Fund Flows & Issuance: According to Wells Fargo, flows week to date were -$0.9 billion and year to date flows stand at -$3.3 billion. New issuance for the week was $9.2 billion and year to date HY is at $75.4 billion.
(CNBC) Housing Market is Quite Strong Across the United States
- Consumer sentiment in both the economy and the housing market is rising and that is translating into strong demand from homebuyers. The trouble is, the supply of homes for sale is incredibly weak and getting weaker. What is for sale is selling fast.
- The typical home that sold last month went under contract in 60 days, eight days faster than one year ago, according to a new report from Redfin, a real estate brokerage. Nearly 15 percent of all homes listed for sale in February were off the market within two weeks, up from 11.7 percent last year. This is the fastest February market Redfin has recorded since it began tracking in 2010.
(Business Wire) B&G Foods Announces CFO Resigns to Pursue Other Opportunities
- Thomas P. Crimmins, the Company’s Chief Financial Officer, has resigned to pursue other opportunities. Mr. Crimmins’ decision was not the result of any dispute or disagreement with the Company on any matter relating to the Company’s accounting practices or financial statements.
- The Company has initiated a search for a new Chief Financial Officer and until one is appointed, Amy Chiovari, currently the Company’s Corporate Controller, will serve as Interim Chief Financial Officer.
- “On behalf of our entire team, I want to thank Tom for his contributions to B&G Foods’ success over the past two years and wish him continued success in his future endeavors,” said Robert C. Cantwell, President and Chief Executive Officer of B&G Foods. “I am also pleased to report Amy Chiovari will serve as Interim Chief Financial Officer. Amy has been an invaluable member of the B&G Foods family since joining the Company in 1996. Amy has served in various capacities within our accounting and finance department and over the years has been responsible for many functions, including, corporate accounting, corporate finance, financial reporting, treasury, tax and internal control over financial reporting.
(The American Institute of Architects) Architecture Billings Index rebounds into positive territory
- Business conditions projected to solidify moving into the spring and summer
- The American Institute of Architects (AIA) reported the February ABI score was 50.7, up from a score of 49.5 in the previous month. This score reflects a minor increase in design services (any score above 50 indicates an increase in billings). The new projects inquiry index was 61.5, up from a reading of 60.0 the previous month, while the new design contracts index climbed from 52.1 to 54.7.
- “The sluggish start to the year in architecture firm billings should give way to stronger design activity as the year progresses,” said AIA Chief Economist, Kermit Baker, Hon. AIA, PhD. “New project inquiries have been very strong through the first two months of the year, and in February new design contracts at architecture firms posted their largest monthly gain in over two years.”
(Bloomberg) Ally Adds Fuel to Avis’ and Hertz’ Fire on Residual Credit Risk
- Ally Financial Inc. warned profit may grow less than anticipated only a few months ago, the latest sign that automakers’ heavy discounting and aggressive use of leasing to boost sales has created a supply glut hurting lenders and rental-car companies.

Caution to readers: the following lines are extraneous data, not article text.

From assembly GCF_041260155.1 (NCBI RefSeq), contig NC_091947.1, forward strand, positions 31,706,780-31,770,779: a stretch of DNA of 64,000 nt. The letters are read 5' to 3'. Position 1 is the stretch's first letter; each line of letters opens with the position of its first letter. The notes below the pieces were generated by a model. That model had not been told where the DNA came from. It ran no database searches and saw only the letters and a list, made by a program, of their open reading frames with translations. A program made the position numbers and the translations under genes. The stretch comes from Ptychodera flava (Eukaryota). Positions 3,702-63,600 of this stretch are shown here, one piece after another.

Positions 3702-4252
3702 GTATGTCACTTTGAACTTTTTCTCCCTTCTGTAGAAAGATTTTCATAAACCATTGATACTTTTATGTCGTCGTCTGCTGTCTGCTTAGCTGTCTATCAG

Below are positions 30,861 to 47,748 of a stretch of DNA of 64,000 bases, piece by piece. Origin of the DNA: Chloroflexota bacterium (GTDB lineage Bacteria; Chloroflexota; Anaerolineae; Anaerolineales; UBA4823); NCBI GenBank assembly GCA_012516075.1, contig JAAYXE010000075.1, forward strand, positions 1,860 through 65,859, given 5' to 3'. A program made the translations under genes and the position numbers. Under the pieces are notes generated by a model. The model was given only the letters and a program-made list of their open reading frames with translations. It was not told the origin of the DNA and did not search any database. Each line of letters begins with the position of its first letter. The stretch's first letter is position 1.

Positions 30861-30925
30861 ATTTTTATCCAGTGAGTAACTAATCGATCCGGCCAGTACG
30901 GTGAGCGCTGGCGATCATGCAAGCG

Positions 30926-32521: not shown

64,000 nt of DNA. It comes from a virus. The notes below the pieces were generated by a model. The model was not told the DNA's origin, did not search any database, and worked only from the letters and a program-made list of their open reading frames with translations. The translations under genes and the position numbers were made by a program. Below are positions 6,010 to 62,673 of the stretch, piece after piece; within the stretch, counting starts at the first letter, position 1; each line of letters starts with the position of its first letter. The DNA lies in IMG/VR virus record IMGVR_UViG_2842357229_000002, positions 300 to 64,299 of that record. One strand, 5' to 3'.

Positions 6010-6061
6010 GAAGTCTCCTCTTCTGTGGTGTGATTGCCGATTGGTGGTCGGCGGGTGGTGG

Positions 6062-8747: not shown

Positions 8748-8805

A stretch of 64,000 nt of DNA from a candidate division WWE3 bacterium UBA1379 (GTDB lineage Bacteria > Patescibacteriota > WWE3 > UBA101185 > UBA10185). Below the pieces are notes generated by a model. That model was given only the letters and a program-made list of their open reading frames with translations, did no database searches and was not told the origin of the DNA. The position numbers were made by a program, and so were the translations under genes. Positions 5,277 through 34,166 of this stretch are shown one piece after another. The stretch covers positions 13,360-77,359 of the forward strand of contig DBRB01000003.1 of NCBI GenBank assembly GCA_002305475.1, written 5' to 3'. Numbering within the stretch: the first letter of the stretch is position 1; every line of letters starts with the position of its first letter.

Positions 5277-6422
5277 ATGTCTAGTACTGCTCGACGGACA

- Ally Financial’s comments that used-car prices were down 7% in 1Q vs. its forecast of 5% adds fuel to the fire on the topic of residual values. Issuers such as Avis and Hertz, as well as automotive OEMs such as Ford and GM, are exposed to potential higher depreciation and writedowns if asset values decline faster than previously anticipated.
- The National Automobile Dealers Association’s Used Car Guide index declined 3.8 percent in February, the eighth consecutive drop and the steepest since November 2008.
(Bloomberg) Trump Digs in Heels on Gambit for GOP to Vote on Health Bill
- The Trump administration doubled down on its demand that House Republican leaders hold a vote Friday on their embattled health-care bill without any changes and with lingering uncertainty about whether they have enough support to pass the measure.
- If the high-stakes gamble works and the House manages to pass the Obamacare replacement bill, it will be an important win for Trump and House Speaker Paul Ryan who have formed an uneasy alliance to repeal former President Barack Obama’s signature health-care law.
- If the measure is blocked, it will be an embarrassing setback that casts doubt on Trump and Ryan’s ability to deliver on their ambitious agenda, including taxes and infrastructure, both of which are being closely watched by Wall Street.
- “He wants to do this and he wants to do it now,” White House budget director Mick Mulvaney said of Trump on ABC Friday morning. “He also wants to move on to things like tax reform, infrastructure, restructuring the government, putting people back to work. He’s not willing to wait the several months an ordinary president would.”
- The Trump administration made a last-minute deal with House conservatives to change the bill — by removing Obamacare’s requirements that certain essential benefits be covered by insurance — in an effort to win over holdouts, who had forced GOP leaders to delay a vote originally scheduled for Thursday.
- Then Trump aides, including senior strategist Steve Bannon, went to Capitol Hill to deliver a message in person to House leaders and the Republican caucus that the president has run out of patience: Trump wanted a vote Friday, win or lose, even if that means leaving Obamacare in place.